As asbestos litigation across the country winds down, insurers are facing the issue of how to fund settlements when the insured has gone out of business. In a recent case in New York involving Liberty Mutual, the State Supreme Court Justice ruled against the insurer’s attempt to use the rule of pro rata allocation to reduce its financial obligation to fund the settlement of several asbestos cases.
Liberty had issued several liability policies to its insured Jenkins Bros., a New Jersey valve manufacturer during a period that ended in 2004, when Jenkins ceased operations. Liberty appeared as the real party in interest in several cases in which Jenkins was a named defendant. Jenkins had no other insurers who could be expected to share coverage in the event of a settlement or adverse verdict.
Liberty filed an action in 2018 seeking a declaratory judgment that it was entitled to prorate its indemnity obligation over the time periods that it actually provided coverage to Jenkins. The requested proration of the obligation to indemnify would have reduced Liberty’s financial obligation to fund any settlement on Jenkins’ behalf.
The court’s ruling
The trial judge, Justice Arthur Engoron, ruled that the so-called “pro rata allocation” of liability applies only to insurers and their policy holders and not to insurers and plaintiffs. The judged held that the cases in which the pro rata rule had been applied involved only disputes between insurers and their policyholders involving the policyholders’ decisions to voluntarily to limit or reduce their insurance coverage. Such actions could not shift the burden to indemnify to the insurer for periods in which the insureds deliberately decided to forego or rely on limited insurance coverage. No such considerations were in play in a case where the plaintiffs, individual asbestos victims, were not in any decisions about when and how to purchase insurance.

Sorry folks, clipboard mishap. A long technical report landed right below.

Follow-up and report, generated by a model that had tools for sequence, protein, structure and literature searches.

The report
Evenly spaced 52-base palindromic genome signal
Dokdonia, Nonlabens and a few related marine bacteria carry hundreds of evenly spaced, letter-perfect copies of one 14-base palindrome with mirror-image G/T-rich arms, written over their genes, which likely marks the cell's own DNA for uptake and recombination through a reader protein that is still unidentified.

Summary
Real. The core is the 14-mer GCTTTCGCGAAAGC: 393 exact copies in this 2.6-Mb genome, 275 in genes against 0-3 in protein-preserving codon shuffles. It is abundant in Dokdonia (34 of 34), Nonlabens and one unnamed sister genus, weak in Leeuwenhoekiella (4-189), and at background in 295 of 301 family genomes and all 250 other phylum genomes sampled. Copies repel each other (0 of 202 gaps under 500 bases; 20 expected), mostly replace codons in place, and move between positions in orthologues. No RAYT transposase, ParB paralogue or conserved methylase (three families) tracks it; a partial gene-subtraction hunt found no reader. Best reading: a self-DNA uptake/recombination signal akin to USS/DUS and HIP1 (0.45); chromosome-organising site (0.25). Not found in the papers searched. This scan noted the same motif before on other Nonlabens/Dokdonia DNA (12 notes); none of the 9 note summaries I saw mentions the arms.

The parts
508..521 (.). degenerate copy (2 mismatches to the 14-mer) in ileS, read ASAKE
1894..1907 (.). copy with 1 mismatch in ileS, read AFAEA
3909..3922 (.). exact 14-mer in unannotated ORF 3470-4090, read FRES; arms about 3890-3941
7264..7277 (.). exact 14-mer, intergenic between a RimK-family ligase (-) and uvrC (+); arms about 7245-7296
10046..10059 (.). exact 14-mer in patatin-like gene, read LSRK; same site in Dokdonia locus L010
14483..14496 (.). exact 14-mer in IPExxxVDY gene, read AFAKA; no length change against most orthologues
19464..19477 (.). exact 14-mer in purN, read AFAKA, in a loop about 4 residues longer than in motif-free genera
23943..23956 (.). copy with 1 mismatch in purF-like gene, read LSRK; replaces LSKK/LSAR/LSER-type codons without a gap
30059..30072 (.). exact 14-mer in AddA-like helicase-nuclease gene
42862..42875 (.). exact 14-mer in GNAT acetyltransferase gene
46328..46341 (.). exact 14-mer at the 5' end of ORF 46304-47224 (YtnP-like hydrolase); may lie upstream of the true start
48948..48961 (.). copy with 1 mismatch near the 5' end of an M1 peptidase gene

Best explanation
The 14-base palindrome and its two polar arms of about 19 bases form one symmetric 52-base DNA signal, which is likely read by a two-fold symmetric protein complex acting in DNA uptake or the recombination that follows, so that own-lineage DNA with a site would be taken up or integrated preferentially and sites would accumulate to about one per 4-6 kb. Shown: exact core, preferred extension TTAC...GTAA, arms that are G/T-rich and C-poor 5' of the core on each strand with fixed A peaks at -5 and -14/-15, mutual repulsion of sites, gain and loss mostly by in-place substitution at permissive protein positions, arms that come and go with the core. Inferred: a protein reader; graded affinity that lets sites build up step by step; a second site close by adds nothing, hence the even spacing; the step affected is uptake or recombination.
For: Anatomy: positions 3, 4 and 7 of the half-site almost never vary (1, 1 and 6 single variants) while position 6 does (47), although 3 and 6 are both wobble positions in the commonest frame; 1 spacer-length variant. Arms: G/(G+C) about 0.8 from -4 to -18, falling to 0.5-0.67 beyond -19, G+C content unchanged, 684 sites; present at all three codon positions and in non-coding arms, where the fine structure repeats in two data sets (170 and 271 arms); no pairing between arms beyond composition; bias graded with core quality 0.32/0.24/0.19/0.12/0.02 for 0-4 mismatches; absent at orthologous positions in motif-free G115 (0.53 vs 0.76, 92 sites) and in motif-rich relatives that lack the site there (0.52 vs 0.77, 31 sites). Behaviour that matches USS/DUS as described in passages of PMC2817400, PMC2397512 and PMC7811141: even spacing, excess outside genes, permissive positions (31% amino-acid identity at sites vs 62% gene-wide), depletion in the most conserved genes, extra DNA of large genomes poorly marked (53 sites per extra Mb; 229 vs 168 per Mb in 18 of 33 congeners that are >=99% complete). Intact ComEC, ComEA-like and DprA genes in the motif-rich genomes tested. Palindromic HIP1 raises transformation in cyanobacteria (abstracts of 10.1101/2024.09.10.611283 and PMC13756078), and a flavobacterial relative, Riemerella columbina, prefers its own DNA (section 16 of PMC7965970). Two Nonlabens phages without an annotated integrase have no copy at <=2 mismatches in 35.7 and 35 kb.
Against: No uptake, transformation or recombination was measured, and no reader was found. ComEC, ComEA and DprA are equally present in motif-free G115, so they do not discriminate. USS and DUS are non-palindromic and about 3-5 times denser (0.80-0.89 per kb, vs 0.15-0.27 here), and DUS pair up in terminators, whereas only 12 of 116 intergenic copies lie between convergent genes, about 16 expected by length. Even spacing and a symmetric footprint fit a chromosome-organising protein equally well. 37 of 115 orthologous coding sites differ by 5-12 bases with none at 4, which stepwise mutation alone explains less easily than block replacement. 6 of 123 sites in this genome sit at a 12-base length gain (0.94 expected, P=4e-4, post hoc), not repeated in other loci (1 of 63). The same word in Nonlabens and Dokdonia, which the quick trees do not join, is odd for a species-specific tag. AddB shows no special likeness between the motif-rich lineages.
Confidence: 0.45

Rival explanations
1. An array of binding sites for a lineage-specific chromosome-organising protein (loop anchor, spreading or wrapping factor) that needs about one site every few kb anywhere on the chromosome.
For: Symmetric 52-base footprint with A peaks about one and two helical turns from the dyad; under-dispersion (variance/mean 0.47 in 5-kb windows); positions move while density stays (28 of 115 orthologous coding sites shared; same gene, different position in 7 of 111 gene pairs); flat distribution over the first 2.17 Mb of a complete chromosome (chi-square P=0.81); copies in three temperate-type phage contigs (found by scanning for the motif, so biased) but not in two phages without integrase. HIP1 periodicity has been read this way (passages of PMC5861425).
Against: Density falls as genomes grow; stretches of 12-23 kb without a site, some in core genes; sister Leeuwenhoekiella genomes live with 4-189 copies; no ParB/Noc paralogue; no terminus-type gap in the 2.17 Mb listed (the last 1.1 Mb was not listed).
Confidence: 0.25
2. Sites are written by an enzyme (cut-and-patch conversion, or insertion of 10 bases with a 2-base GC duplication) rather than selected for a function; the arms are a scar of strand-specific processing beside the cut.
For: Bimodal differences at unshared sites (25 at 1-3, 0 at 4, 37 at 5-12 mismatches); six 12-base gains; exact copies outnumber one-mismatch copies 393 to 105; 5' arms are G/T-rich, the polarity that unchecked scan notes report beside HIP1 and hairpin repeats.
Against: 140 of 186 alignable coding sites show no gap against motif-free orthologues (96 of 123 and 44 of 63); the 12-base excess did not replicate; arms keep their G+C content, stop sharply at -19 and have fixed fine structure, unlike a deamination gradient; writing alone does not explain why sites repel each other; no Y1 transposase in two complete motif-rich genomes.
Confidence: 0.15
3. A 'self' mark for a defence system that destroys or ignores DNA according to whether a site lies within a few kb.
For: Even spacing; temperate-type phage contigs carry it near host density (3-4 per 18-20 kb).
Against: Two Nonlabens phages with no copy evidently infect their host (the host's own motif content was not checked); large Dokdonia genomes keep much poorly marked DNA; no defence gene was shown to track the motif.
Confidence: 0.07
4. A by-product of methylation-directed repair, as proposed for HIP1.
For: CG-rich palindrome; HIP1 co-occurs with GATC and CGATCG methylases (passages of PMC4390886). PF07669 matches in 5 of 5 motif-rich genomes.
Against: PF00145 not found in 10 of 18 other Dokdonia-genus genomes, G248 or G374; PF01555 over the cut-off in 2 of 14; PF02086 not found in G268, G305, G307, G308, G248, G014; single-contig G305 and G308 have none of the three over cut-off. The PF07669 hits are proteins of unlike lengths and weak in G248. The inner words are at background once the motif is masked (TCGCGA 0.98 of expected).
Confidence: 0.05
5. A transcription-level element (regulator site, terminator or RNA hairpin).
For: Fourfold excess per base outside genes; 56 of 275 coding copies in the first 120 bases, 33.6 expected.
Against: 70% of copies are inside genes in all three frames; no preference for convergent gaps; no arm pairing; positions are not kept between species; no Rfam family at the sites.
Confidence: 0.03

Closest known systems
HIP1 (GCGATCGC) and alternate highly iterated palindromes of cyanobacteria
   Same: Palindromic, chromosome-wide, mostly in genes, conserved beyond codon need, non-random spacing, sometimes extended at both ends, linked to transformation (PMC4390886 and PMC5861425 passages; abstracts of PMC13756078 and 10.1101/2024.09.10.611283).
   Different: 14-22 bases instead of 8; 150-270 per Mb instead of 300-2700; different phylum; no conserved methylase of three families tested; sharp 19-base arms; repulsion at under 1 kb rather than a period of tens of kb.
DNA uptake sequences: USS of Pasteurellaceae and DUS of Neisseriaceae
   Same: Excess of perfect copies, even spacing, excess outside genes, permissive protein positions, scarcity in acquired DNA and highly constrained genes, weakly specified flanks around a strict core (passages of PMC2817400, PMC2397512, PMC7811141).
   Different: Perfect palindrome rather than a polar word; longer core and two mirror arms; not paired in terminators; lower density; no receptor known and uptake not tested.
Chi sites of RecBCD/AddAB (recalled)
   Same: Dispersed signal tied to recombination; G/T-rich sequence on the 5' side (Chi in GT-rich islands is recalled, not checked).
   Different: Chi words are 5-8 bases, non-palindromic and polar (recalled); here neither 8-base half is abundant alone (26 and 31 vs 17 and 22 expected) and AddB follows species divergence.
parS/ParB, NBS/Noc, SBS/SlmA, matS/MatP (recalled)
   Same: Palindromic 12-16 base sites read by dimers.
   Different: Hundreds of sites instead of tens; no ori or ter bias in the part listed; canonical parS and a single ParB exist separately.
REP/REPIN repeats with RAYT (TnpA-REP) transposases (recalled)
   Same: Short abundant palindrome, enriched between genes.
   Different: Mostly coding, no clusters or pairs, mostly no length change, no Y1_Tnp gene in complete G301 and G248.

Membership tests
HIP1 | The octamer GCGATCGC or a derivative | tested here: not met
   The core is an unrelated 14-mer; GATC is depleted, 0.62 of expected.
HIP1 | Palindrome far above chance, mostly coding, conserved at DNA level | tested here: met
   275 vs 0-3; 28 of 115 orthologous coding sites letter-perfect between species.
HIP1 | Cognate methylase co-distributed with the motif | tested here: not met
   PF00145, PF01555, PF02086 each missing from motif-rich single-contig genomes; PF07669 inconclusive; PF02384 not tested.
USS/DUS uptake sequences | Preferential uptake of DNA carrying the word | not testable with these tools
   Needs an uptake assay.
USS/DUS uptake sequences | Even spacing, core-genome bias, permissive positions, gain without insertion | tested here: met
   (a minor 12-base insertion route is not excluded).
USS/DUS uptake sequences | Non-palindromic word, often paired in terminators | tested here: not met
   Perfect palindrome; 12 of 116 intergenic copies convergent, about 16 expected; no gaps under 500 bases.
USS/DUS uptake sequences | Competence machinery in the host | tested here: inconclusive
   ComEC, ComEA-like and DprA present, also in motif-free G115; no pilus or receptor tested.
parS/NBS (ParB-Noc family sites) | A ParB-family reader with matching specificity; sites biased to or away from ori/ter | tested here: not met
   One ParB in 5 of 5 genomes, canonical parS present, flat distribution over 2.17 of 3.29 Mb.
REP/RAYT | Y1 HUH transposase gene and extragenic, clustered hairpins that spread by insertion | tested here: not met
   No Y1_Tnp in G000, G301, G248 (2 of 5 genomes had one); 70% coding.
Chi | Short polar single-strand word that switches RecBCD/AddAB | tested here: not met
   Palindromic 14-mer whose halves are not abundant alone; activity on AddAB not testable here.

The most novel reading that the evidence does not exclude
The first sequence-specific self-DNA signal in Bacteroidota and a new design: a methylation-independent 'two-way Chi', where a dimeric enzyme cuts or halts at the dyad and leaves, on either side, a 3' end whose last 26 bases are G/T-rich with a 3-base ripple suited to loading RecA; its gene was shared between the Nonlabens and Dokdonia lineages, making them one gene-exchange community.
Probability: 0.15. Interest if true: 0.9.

While the number of plaintiffs and the amount of the settlements were relatively small, this decision can be expected to have significant impact in other cases still pending in New York courts. Anyone with questions about the extent of an insurer’s obligation to provide indemnity may wish to consult an attorney who is experienced in the law of insurance coverage.